Palestinian shops in east Jerusalem, including the Old City, as well as in the West Bank were largely shuttered and schools closed in answer to a general strike call.
âBy this decision, America became a very small country, like any small country in the world, like Micronesia,â Salah Zuhikeh, 55, told AFP in Jerusalemâs Old City.
Trumpâs move left many angry US allies struggling to find a diplomatic response.
Eight countries including Britain, France and Italy pressed for an emergency meeting of the UN Security Council in response, which was set for Friday.
Trump also kicked off the process of moving the US embassy from Tel Aviv to Jerusalem â" keeping with another campa ign promise dear to US evangelical Christian and right-wing Jewish voters.
His predecessors had made the same promise, but quickly reneged upon taking office.
Israel seized Arab east Jerusalem in the 1967 Six-Day War and later annexed it in a move never recognised by the international community.
The Palestinians want the eastern sector as the capital of their future state.
Several peace plans have unravelled in the past decades over the issue of how to divide sovereignty or oversee holy sites in Jerusalem.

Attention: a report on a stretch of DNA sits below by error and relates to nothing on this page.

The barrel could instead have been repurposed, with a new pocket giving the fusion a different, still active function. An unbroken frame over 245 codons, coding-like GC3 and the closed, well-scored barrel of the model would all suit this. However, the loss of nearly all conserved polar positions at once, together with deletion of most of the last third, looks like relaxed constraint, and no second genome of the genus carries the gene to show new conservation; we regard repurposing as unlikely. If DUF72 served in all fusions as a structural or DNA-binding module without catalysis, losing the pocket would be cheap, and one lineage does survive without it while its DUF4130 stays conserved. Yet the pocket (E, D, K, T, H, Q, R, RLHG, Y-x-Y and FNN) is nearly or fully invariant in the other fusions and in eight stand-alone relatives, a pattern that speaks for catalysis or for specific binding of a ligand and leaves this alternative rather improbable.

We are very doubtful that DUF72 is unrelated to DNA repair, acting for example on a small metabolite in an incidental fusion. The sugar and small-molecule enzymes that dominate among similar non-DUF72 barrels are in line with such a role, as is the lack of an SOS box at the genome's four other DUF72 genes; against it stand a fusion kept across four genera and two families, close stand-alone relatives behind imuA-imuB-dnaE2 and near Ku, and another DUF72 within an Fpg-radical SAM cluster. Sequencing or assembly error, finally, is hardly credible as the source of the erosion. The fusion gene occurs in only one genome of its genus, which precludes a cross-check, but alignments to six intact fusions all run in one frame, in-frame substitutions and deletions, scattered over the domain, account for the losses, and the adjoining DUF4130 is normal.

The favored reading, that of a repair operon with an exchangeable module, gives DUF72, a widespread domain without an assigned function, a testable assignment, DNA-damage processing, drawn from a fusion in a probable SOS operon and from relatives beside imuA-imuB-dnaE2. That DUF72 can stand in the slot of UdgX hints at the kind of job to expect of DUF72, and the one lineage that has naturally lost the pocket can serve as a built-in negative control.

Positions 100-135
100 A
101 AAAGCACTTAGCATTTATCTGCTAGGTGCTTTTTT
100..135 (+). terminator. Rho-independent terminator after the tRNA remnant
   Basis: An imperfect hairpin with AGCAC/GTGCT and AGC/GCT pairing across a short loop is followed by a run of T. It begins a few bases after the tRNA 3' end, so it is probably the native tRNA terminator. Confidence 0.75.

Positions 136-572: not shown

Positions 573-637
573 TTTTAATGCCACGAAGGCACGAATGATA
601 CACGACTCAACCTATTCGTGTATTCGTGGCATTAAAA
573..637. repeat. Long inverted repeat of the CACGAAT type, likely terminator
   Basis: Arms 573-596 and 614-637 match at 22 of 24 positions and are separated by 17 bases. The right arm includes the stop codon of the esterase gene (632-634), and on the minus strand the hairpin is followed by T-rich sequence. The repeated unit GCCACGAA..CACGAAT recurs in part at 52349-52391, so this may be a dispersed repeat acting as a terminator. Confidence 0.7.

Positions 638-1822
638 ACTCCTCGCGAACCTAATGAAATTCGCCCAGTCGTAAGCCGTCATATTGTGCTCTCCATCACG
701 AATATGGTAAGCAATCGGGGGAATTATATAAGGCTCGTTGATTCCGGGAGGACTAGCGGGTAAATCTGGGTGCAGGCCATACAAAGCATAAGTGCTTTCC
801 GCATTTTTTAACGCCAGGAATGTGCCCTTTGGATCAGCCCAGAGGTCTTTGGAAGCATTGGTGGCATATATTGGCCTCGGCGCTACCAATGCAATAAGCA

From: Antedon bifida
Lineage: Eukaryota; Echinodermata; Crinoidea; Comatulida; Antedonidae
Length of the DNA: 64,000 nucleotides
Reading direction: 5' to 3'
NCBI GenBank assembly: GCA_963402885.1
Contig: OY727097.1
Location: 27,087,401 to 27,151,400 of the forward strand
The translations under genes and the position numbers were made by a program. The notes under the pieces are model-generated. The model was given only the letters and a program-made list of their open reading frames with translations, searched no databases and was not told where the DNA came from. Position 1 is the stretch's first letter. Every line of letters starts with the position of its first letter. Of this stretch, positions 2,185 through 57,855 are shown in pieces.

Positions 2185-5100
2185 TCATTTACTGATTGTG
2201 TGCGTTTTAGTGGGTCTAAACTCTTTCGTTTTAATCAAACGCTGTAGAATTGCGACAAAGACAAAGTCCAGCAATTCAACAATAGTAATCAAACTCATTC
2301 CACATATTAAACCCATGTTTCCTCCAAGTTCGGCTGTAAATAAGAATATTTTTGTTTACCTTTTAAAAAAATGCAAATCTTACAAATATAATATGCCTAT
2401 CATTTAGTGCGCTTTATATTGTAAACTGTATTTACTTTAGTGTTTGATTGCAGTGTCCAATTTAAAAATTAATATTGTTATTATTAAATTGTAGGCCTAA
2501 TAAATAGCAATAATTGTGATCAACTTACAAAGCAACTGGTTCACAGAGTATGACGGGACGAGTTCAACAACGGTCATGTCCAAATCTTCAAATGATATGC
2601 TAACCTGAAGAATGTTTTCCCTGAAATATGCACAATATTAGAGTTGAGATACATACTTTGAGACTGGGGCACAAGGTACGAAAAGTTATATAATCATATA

The international community does not recognise the ancient city as Israelâs capital, insisting the issue can only be resolved in negotiations â" a point reiterated by UN chief Antonio Guterres.
Guterres implicitly criticised Trump, stressing his opposition to âany unilateral measures that would jeopardise the prospect of peaceâ.
Trump insisted the move did not prejudge final talks, saying it simply reflected the reality that west Jerusalem is and will continue to be part of Israel under any settlement.
âThe United States would support a two-state solution if agreed to by both sides,â Trump said, as he announced Vice President Mike Pence would travel to the region in coming days. â" AFPSource: Google News